Theatre, an art form that relies on cohabiting a common space with the audience, has undergone an overhaul since the pandemic struck. Amateurs and veterans associated with the art form, spoke to My Kolkata about how they spent most of last year striving to redefine their lives and the meaning of drama.
Disappearing global boundaries
Sumit Lai Roy, founder of The Red Curtain — one of Kolkata’s oldest theatre groups — went international during the pandemic, as many of the group’s founding members are now stationed across the globe. In fact, The Red Curtain International is organising The Good Theatre Festival 2021 on September 25 and 26, where the world’s best theatre groups will put up six productions under a common platform, before a veteran jury.
The 2020 edition of the festival allowed Roy to broaden his horizons and forge new relationships in this all-new digital world. “Hijinx from Wales, Big Telly Theatre Company from Northern Ireland, and How Drama from Singapore have done very creative work, and they are now friends and colleagues due to the disappearing boundaries,” he said.
The group introduced a ‘pay-it-forward’ format last year, where the show was free, and if the audience thought that more people should see it, they “paid it forward” to cover the production cost of the next show. The motive of the format was to help actors and technicians find work during such a time, and all members of the team were paid $10 per show (about Rs 744), which put the budget of each show at $350 (about Rs 26,000), since 10 people were employed as backstage hands, for set and costume design as well as technical and lighting expertise.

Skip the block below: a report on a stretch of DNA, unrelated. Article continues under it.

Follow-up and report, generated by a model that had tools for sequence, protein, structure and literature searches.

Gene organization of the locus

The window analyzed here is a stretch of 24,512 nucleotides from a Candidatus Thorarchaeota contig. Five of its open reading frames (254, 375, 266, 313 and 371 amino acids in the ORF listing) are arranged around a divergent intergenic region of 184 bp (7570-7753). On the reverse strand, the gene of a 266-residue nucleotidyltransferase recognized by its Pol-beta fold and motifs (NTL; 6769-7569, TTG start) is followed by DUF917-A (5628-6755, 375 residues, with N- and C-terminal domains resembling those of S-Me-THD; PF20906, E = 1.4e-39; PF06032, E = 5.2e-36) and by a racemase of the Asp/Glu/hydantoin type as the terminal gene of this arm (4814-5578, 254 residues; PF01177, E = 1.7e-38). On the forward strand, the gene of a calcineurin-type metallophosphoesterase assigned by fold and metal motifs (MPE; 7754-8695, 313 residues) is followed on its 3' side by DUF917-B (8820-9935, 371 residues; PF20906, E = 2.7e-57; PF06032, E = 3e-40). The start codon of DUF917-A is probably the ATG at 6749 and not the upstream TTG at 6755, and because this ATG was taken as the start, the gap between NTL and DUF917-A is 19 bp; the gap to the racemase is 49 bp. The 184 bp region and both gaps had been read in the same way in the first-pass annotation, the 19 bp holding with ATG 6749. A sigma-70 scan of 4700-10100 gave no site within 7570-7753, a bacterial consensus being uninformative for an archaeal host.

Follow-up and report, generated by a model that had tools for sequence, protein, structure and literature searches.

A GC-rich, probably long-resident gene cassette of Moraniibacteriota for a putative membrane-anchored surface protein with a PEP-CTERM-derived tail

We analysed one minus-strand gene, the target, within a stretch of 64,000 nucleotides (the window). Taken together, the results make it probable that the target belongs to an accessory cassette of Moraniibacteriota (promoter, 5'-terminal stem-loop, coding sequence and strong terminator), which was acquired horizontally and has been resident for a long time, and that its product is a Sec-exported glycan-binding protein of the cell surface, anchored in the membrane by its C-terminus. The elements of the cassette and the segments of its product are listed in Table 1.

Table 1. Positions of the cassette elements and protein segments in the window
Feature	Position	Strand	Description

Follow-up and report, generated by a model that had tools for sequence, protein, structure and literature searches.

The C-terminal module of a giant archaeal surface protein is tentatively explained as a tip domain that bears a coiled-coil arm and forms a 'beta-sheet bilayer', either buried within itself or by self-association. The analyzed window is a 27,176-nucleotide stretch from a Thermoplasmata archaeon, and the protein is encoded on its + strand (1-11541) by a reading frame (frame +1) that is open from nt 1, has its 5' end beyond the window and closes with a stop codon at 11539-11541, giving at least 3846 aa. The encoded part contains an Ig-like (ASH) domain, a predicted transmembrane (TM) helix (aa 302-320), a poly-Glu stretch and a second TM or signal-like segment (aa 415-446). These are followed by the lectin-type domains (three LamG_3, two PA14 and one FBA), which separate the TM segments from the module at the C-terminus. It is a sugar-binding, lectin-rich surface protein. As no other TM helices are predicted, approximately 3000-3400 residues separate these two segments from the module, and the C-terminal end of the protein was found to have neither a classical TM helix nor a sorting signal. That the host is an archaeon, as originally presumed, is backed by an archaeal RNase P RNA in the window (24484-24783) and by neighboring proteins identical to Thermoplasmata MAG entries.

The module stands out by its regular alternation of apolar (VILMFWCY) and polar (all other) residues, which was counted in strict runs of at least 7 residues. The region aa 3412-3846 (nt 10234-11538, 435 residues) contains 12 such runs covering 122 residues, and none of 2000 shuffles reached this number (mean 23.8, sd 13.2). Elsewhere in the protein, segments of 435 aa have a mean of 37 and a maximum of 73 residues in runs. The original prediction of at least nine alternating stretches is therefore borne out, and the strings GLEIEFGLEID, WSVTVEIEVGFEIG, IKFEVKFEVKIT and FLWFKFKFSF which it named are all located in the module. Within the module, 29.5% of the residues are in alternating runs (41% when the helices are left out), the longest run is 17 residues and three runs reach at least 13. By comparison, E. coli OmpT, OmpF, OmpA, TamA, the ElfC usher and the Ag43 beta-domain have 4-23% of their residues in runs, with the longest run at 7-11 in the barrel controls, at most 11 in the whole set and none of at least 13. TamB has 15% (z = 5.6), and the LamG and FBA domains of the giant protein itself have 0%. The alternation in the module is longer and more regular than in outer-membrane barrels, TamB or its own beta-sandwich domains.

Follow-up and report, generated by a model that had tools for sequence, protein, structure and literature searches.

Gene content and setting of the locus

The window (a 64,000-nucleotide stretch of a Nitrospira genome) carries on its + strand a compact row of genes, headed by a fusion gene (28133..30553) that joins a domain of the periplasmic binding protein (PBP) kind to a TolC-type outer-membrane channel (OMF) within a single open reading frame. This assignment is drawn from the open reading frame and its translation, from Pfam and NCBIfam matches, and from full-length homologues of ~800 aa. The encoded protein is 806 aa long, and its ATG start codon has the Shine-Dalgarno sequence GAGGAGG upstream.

“Geography became history as we managed to bring members from 30 countries on board. One of our productions, The Art of Facing Fear had 25 actors from five continents performing simultaneously. We also raised more money for social causes in three months than we did in three years, because people were paying in dollars. This new model has changed the economics of what we were doing,” said Roy.
Theatre is in fact becoming a digital art. In less than a month after the first lockdown in 2020, veteran group Theatrecian performed its first play, No Exit by Jean-Paul Sartre, to raise funds for technicians affected by the pandemic. Co-founder Tathagata Chowdhury lauded Zoom’s corporate feature as being a great simulation for the auditorium experience. “The actors performed live from their spaces. We had a separate channel for panellists and the audience. This helped create a virtual green room for our actors.” Chowdhury, who has directed five plays and conducted three screenwriting workshops during the course of the pandemic, counts the attendance of a global audience as a major perk of going online.
Theatrecian has tried to keep their e-plays socially relevant. For instance, Silence! The Court is in Session addressed the Boys’ Locker Room incident. Anushka Dasgupta, an actor at Theatrician who co-wrote Silence! The Court is in Session saw this new format as an amalgamation of theatre and film, with a greater scope of experimentation. Dasgupta had to accommodate the reduced attention span on Zoom by making the comprehensive play more compact. “By letting go of the subtleties, you’re not giving enough time for characters to develop. Dialogue-heavy plays are also a challenge given how the sound might face a glitch during the show,” she explained.
An audible era